The Rojava Report

News from the Revolution in Rojava and Wider Kurdistan

The Democratic Federation in Rojava and North Syria


The following article is a translation of an article – “Demokratik federasyon” – by M. Ali Çelebi published today in Özgür Gündem.

Two back-to-back developments have taken place which have changed the agenda in Syria and Rojava. The first was the declaration of a Rojava-Northern Syria Democratic Federal System, and the second was Russia’s surprising withdrawal of a portion of its air power in Syria.

In my column entitled ‘The State of Affairs in Syria’ from October 7th 2015 I wrote: “Syria will now be planned as a federation and confederation. The Rojava dynamic will be a determining factor in the balance of this process.”

And in my article entitled ‘Rojava-Arab Federation’ (February 22nd, 2016) I wrote: “Turkey would be the biggest loser among the foreign actors in Syria. Because the idea of the PYD-YPG-HSD is gaining traction and coming into fruition step-by-step. The process is evolving toward a Rojava-Arab federation.”

And in my analysis piece called “The British Position” (March 11th 2016) I argued that: “The alliances of the US, Britain, and between Russia and Iran might be different, but all of them will be forced to accept concepts such as ‘the Government of a Federal Syria’ or the ‘Northern Syrian Federal Government.”

And that day has come. When the Kurds were not invited to Geneva 3 they convened at a congress on March 12th in the town of Rimelan, near Girkê Legê, in order to formalize discussions about a Rojava-Northern Syria Federation. A 13-person preparatory committee was selected and the delegates for a Constitutive Assembly were determined. The Constitutive Assembly was formed from 200 people – Kurds, Arabs, Syriacs, Assyrians, Armenians, Turkmens and Chechens – from the Rojava Cantons as well as places such as Şeddadê, just recently liberated by the HSP, and the Şehba region, as well as from Aleppo. As these historical developments continue in Rojava, the second stage of the perpetually delayed Geneva-3 conference began on March 14th. The day before the Syrian Civil War was entering its 6th year and Russia was unexpectedly pulling out of Syria. How did the federation come together?

Manbij Is Next

Look what happened when on June 30th, 2012 the Kurds – an island of peace in the region and Syria’s best organized, energetic and emancipatory factor – were not accepted at the Geneva 1 talks. Or what happened when on July 4th, 2012 when suggestions made by the Kurds at the Cairo Conference that they be recognized were rejected with all the nonsense about the Misak-ı Milli. The Kurds, beginning with an action to push the Baath regime out of Kobane on July 19th, 2012, took steps to liberate their cities and the Rojava Autonomous Administrations began to spread.

The Kurds were also not invited to Geneva 2 (neither the first round at Montreux between January 22-31 2014 nor the second round in Geneva between February 10-15th 2014). The constituents of Rojava proclaimed the Social Contract, that is a constitution on January 6th 2014). Following this governments for Cizre, Kobanê and Efrîn were formed beginning on January 21st. As the Geneva talks became obsolescent and preparations were underway for a Geneva-3, it was discovered that the Kurds were experts at both the diplomatic and military chessgames.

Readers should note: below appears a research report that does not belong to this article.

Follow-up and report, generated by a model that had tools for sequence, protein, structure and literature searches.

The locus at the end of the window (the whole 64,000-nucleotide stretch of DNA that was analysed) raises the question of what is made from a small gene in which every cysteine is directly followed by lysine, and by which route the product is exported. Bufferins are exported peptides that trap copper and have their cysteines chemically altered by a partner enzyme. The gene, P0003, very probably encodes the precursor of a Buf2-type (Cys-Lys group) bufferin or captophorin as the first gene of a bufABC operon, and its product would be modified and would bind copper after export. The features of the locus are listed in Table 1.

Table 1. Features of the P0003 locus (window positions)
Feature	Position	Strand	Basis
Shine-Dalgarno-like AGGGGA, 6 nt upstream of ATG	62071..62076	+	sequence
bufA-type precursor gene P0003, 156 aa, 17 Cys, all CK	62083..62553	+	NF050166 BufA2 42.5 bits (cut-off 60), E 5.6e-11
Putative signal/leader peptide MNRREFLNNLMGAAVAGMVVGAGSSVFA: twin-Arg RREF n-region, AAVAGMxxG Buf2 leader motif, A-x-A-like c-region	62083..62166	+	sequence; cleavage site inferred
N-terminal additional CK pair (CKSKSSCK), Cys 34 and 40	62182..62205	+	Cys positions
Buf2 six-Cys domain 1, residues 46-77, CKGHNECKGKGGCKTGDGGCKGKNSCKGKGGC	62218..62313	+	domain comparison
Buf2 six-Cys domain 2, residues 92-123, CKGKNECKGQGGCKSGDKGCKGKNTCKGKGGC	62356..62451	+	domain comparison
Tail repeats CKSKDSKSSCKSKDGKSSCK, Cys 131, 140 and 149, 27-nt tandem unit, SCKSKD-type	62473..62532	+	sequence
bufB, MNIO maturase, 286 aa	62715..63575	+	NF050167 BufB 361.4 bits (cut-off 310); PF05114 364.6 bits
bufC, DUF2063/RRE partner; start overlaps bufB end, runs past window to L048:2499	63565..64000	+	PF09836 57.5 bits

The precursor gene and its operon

The Kurds were not invited to the Vienna-1 conference on October 23, 2015. Two days prior to this an assembly and government was formed in the town of  Girê Spî (Tel Abyad), populated by Kurds, Arabs, Armenians and Turkmens. They also received no invitation to the Vienna-2 talks (October 30th, 2015). On October 31st the HSD began its advance toward Hol. While the ENKS group affiliated with the Democratic Party of Kurdistan was invited to the Riyad conference which was designed to choose delegates for Geneva-3, the parties active in Rojava were not. The peoples of Rojava formed the Syrian Democratic Assembly. And on January 29th, as 2016 Geneva-3’s opening act was performed, the Kurds were once again not invited. On February 10th Rojava opened a representative office in Russia. Immediately after the Menagh airbase in the Azaz region, Til Rifat and Şeddadê were liberated. Despite the promises given to Rojava they were not invited to participate in second round of the Geneva-3 talks which began on March 14th, and the Federation of North Syria-Rojava was declared on March 17th. The 200-person Constitutive Assembly – composed of Kurds, Arabs, Syriacs, Assyrians, Armenians, Turkmens and Chechens from Efrîn, Cizîrê, Kobanê, Girê Spî cantons and the Şeddadê, Aleppo and Şehba regions, and presided over by the co-presidents Hediye Yusuf (a Kurd) and Mensur El-Selum (an Arab)- will meet in 6 months to prepare a new social contract. Don’t pay any attention to the official statements, and let me just say that the proclamation of the federation was undertaken with the full knowledge of US and Russian representatives in Rojava.

It seems that Manbij is next. Let them all continue with all of their insistence on one-state, one-nation, one-people and impositions which do not reflect the reality. And let’s see what their next steps will be now I wonder? And as for Bashar Jaafari, the head of the regime’s Geneva-3 delegation and Syria’s Permanent Representative at the UN who when asked about autonomy said that the Kurds are hallucinating and should take some Tylenol, and as for all those other cronies? Well they can sit down right across from Bashar al-Assad, who has turned this region into a hell, and they can take whatever they like.


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